AMH is an independent media house free from political ties or outside influence. We have four newspapers: The Zimbabwe Independent, a business weekly published every Friday, The Standard, a weekly published every Sunday, and Southern and NewsDay, our daily newspapers. Each has an online edition.

  • Marketing
  • Digital Marketing Manager: tmutambara@alphamedia.co.zw
  • Tel: (04) 771722/3
  • Online Advertising
  • Digital@alphamedia.co.zw
  • Web Development
  • jmanyenyere@alphamedia.co.zw

Ex-VP Mphoko application for discharge review dismissed

Mphoko was arrested some months after the November 2017 coup that removed the late former President Robert Mugabe from power

FORMER Vice-President Phelekhezela Mphoko, who is being charged with criminal abuse of office, had his application for review against the magistrate's decision to dismiss his application for discharge at the close of the State case dismissed by the High Court.

Mphoko was arrested some months after the November 2017 coup that removed the late former President Robert Mugabe from power.

He was accused of storming a local police station demanded the release of two Zimbabwe National Road Administration officials Moses Juma and Davison Norupiri who had been detained by the police for corruption.

High Court judges Justices Benjamin Chikowero and Pisirayi Kwenda dismissed Mphoko’s application and ordered that his case should proceed to trial.

Mphoko had applied for a review of magistrate Tranos Utawashe who refused to discharge him at the close of the State case.

He is facing criminal abuse of duty as a public officer and an alternative charge of defeating or obstructing the course of justice.

 Justices Chikowero and Kwenda in their ruling said there were no exceptional circumstances justifying the High Court interference with the unterminated proceedings pending before the lower court.

According to court papers, on July 13, 2016, Mphoko intentionally acted contrary to or inconsistent with his duties as a public officer for the purpose of showing favour to Juma and Norupiri by appearing at Avondale Police Station where he ordered the duo’s release from police custody.

In his defence, Mphoko said in requesting the police to release Juma and Norupiri, he was executing an order by the late former President Robert Mugabe based on top State secrets, believing that harm would befall Juma and Norupiri if they spent the night in police cells.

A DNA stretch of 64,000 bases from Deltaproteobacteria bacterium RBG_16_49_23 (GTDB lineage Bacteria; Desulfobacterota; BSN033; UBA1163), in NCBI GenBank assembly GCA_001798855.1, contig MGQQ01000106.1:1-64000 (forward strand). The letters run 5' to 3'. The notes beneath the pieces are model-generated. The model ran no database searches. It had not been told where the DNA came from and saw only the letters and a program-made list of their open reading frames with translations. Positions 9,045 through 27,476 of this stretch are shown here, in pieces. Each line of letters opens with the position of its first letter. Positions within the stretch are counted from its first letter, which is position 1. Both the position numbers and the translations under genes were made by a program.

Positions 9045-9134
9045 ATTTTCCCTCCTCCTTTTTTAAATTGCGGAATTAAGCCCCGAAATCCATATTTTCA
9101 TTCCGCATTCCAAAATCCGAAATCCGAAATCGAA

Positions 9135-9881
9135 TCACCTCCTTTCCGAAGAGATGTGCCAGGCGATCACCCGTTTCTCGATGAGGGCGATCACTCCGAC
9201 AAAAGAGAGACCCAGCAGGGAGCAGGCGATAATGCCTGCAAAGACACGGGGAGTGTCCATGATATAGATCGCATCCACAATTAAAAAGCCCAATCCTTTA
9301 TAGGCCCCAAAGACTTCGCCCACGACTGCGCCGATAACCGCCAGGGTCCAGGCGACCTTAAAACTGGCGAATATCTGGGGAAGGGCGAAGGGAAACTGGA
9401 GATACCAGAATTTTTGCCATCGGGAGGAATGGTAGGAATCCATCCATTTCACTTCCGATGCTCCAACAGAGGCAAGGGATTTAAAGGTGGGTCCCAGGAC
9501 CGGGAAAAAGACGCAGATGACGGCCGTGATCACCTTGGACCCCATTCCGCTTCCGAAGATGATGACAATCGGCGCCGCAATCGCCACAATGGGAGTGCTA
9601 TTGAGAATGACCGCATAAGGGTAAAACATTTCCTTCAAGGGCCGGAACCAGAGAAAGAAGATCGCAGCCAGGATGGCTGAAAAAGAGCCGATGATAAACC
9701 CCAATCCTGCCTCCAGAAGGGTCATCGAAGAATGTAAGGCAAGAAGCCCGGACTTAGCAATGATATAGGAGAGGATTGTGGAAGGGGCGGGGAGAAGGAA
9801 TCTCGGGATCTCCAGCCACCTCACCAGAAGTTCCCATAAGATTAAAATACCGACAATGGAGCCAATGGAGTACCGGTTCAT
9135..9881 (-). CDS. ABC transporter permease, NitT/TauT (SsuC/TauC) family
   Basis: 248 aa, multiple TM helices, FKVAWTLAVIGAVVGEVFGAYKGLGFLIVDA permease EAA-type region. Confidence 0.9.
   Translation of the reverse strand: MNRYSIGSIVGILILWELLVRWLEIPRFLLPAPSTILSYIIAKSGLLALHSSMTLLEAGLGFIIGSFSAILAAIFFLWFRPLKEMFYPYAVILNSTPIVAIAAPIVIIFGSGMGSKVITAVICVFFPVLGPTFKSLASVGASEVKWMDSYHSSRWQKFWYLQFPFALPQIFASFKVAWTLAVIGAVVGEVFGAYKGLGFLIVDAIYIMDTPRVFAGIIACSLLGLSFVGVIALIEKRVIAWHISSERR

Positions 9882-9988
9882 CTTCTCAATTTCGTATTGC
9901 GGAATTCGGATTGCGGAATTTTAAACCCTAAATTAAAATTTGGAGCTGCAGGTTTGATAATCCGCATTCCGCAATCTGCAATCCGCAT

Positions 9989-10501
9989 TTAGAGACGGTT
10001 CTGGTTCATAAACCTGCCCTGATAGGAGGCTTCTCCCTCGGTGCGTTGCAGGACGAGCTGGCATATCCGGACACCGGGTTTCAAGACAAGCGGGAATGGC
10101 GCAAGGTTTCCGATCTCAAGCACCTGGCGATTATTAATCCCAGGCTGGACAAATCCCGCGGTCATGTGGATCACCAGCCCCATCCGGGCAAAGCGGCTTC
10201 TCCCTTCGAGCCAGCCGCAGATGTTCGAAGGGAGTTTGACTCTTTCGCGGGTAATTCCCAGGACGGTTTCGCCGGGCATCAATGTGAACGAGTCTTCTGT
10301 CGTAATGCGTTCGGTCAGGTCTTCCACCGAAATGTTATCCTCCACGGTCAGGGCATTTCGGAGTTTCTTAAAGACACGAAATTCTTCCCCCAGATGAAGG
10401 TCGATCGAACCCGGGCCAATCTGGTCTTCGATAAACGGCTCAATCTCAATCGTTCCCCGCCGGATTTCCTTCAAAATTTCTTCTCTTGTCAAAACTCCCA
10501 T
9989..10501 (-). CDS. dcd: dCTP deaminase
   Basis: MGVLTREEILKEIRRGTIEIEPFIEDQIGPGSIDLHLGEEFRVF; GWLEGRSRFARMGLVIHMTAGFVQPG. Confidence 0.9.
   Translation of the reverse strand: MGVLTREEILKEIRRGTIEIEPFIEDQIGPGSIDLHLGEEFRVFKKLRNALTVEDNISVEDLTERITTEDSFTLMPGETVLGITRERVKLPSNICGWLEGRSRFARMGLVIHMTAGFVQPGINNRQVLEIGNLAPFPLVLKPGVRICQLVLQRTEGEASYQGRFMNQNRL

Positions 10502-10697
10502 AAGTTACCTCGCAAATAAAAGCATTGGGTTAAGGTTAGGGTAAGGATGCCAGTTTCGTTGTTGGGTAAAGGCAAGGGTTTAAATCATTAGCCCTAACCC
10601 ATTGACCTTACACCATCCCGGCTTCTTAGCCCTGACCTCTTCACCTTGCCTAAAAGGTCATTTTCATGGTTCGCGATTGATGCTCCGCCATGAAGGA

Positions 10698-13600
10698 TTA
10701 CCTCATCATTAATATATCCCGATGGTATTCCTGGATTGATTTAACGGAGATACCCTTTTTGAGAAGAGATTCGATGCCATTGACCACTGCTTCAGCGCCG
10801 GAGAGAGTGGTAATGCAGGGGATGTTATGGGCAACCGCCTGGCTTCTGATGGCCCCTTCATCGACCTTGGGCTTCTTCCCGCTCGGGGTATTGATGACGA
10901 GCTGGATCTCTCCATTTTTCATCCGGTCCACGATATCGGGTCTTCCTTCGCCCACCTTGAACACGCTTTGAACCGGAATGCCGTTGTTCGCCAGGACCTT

Mphoko denied that he violated any law saying all he did was to execute an order given by the now late Mugabe by merely making a request for the release of the duo from police detention.

He also told the court that after the request, the police through their protocol released the duo.

 However, magistrate Utawashe in his decision to refuse to discharge Mphoko said legally a vice-president could not interfere with the police in their work.

The magistrate said presenting himself at Avondale Police Station to an inspector who is of the lowest commissioned rank in the force requesting the release of Juma, constituted engagement in conduct that is inconsistent with the duties of a vice-president.

The magistrate further ruled that Mphoko should explain his conduct in the defence case saying it was his own admission that he requested for Juma’s release from custody.

Magistrate Utawashe had ruled that Mphoko was there intentionally and acted intentionally in the act or omission.

“Was the release done after the accused had intervened with his request for the release of Moses Juma at Avondale Police Station?  The answer is in the affirmative.  Both Zacc [Zimbabwe Anti-Corruption Commission] and the ZRP had detained the two suspects to appear in court on the following day. It was the accused’s request that triggered the release of the two suspects,” Utawashe said in his ruling.

However, the High Court judges said in invoking the law relating to interference by a superior court with the course of unterminated proceedings pending before an inferior court, there ought to exist rare or exceptional circumstances calling for the court’s interference which circumstances could not wait until the trial is completed.

Mphoko had also listed his grounds for review against the lower court ruling saying magistrate Utawashe made the ruling without consulting the Constitution of Zimbabwe.

Related Topics